12. Universal Software, Inc. • 16 analysts, 24 programmers, 15 hr/day computer • Text-processing systems • 2 analysts, 6 prog’rs, 3 hr/day comp $20K profit • Process control systems • 4 analysts, 2 prog’rs, 3 hr/day comp $30K profit • How many of each should Universal develop to maximize profit?

  13. Solution Steps • What objective are we trying to optimize? • What decisions do we control which affect the objective? • What items dictate constraints on our range of choices? • How are the values of the objective function related to the values of the decision variables? • What decision provides us with the optimal value of the objective function?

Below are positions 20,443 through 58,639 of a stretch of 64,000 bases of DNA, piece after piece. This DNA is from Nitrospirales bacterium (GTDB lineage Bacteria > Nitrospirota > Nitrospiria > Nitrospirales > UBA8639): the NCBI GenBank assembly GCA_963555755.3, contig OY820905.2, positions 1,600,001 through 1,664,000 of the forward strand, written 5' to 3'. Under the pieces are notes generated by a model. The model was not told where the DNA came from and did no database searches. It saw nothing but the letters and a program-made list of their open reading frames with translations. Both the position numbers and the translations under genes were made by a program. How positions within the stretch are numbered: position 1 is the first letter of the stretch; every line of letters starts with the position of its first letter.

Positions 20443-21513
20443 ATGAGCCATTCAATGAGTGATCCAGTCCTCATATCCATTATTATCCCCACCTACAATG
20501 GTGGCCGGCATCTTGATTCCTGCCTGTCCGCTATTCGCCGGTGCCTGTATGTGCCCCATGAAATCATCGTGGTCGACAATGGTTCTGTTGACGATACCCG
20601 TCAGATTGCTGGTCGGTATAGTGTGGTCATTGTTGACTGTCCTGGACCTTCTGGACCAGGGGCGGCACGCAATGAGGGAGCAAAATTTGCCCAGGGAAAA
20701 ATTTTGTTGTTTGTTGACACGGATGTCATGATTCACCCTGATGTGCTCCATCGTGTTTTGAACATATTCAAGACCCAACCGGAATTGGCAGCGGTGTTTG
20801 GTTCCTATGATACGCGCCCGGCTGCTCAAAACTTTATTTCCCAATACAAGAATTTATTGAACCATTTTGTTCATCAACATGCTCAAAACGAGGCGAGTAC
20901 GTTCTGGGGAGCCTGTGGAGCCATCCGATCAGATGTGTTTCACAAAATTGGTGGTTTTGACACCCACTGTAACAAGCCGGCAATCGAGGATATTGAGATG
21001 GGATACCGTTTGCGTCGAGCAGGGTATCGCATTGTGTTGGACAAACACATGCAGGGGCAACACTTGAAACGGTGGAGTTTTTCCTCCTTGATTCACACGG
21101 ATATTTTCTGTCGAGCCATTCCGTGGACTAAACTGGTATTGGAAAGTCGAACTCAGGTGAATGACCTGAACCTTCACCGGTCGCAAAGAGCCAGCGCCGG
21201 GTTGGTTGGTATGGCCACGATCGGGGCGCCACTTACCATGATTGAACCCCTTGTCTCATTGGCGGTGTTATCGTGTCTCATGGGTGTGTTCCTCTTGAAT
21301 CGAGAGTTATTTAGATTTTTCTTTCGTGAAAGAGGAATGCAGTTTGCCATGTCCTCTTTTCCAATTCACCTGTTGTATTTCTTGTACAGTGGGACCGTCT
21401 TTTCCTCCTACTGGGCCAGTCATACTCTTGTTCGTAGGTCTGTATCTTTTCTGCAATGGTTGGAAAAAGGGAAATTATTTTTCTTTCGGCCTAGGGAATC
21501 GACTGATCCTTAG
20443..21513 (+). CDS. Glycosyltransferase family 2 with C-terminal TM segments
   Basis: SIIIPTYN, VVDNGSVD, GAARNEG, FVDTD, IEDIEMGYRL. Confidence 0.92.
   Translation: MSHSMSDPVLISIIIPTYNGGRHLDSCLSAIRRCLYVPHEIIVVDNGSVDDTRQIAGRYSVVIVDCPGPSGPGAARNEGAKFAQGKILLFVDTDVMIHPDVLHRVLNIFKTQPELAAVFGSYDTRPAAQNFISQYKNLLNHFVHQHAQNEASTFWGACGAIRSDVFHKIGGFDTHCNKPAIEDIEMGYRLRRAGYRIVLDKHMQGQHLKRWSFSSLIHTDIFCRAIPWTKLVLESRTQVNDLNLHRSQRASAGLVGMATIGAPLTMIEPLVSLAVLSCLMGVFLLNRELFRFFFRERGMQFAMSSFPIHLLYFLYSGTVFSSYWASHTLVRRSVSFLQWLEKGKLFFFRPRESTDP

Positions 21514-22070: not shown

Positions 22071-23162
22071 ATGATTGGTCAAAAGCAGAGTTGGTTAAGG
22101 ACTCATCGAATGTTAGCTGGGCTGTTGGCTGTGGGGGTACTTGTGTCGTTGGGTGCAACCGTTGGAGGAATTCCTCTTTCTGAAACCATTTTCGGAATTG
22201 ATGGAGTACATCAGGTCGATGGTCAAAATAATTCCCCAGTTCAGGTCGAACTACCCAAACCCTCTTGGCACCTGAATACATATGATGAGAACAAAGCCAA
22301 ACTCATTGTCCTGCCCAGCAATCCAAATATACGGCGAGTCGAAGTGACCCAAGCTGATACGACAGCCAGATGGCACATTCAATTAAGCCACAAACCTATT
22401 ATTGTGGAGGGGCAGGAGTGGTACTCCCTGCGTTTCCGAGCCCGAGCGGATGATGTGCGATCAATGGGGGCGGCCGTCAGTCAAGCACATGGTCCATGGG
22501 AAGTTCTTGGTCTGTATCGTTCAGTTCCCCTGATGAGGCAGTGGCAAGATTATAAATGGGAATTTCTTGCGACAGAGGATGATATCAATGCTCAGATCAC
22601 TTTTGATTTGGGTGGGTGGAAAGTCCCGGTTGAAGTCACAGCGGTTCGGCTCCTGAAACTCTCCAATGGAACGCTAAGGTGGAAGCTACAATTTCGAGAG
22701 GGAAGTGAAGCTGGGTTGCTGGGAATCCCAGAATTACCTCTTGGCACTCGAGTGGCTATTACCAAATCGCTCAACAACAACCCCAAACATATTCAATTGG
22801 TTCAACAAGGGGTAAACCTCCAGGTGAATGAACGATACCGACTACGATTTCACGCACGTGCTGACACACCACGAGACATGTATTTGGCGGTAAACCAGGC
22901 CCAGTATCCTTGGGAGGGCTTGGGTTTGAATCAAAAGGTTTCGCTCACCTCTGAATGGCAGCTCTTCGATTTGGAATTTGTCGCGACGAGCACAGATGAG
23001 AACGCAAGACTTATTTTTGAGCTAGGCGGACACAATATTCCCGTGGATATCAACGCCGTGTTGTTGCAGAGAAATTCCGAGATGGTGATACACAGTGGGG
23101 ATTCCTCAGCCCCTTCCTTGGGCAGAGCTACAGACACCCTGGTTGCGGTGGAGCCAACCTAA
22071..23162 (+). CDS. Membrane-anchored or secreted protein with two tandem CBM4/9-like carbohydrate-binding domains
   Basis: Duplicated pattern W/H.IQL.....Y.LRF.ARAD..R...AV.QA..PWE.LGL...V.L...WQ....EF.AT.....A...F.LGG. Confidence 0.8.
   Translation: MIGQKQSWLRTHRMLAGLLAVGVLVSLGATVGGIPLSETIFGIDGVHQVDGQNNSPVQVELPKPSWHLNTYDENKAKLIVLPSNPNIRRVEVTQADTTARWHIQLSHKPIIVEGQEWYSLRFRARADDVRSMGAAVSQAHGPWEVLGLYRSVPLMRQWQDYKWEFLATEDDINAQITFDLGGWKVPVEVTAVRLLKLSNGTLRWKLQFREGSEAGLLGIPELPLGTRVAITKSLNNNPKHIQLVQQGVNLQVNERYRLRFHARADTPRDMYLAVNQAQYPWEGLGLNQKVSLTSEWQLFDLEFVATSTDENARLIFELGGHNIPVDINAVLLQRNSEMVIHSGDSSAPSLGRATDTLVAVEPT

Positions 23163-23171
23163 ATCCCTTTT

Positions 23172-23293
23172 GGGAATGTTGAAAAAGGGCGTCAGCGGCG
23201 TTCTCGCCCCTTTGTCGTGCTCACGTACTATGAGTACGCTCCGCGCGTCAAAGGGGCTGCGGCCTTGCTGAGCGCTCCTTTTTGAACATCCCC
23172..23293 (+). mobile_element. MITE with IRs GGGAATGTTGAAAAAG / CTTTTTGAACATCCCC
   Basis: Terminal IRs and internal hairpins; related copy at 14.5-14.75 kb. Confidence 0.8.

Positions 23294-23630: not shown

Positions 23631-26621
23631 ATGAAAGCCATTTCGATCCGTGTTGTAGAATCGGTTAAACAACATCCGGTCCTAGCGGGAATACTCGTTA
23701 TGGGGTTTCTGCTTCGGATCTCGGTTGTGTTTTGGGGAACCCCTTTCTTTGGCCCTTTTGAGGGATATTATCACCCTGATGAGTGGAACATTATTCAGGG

14. Feasible Set: Universal Software X2 6 4 Feasible Set 2 6 8 2 4 X1 6x1 + 2x2 3x1 + 3x2 2x1 + 4x2

  15. Optimal Solution: Universal Software Optimal solution 4 20x1 + 30x2 = 150 3 20x1 + 30x2 = 120 20x1 + 30x2 = 130 2 Feasible set 20x1 + 30x2 = 60 1 1 2 3 4 5 6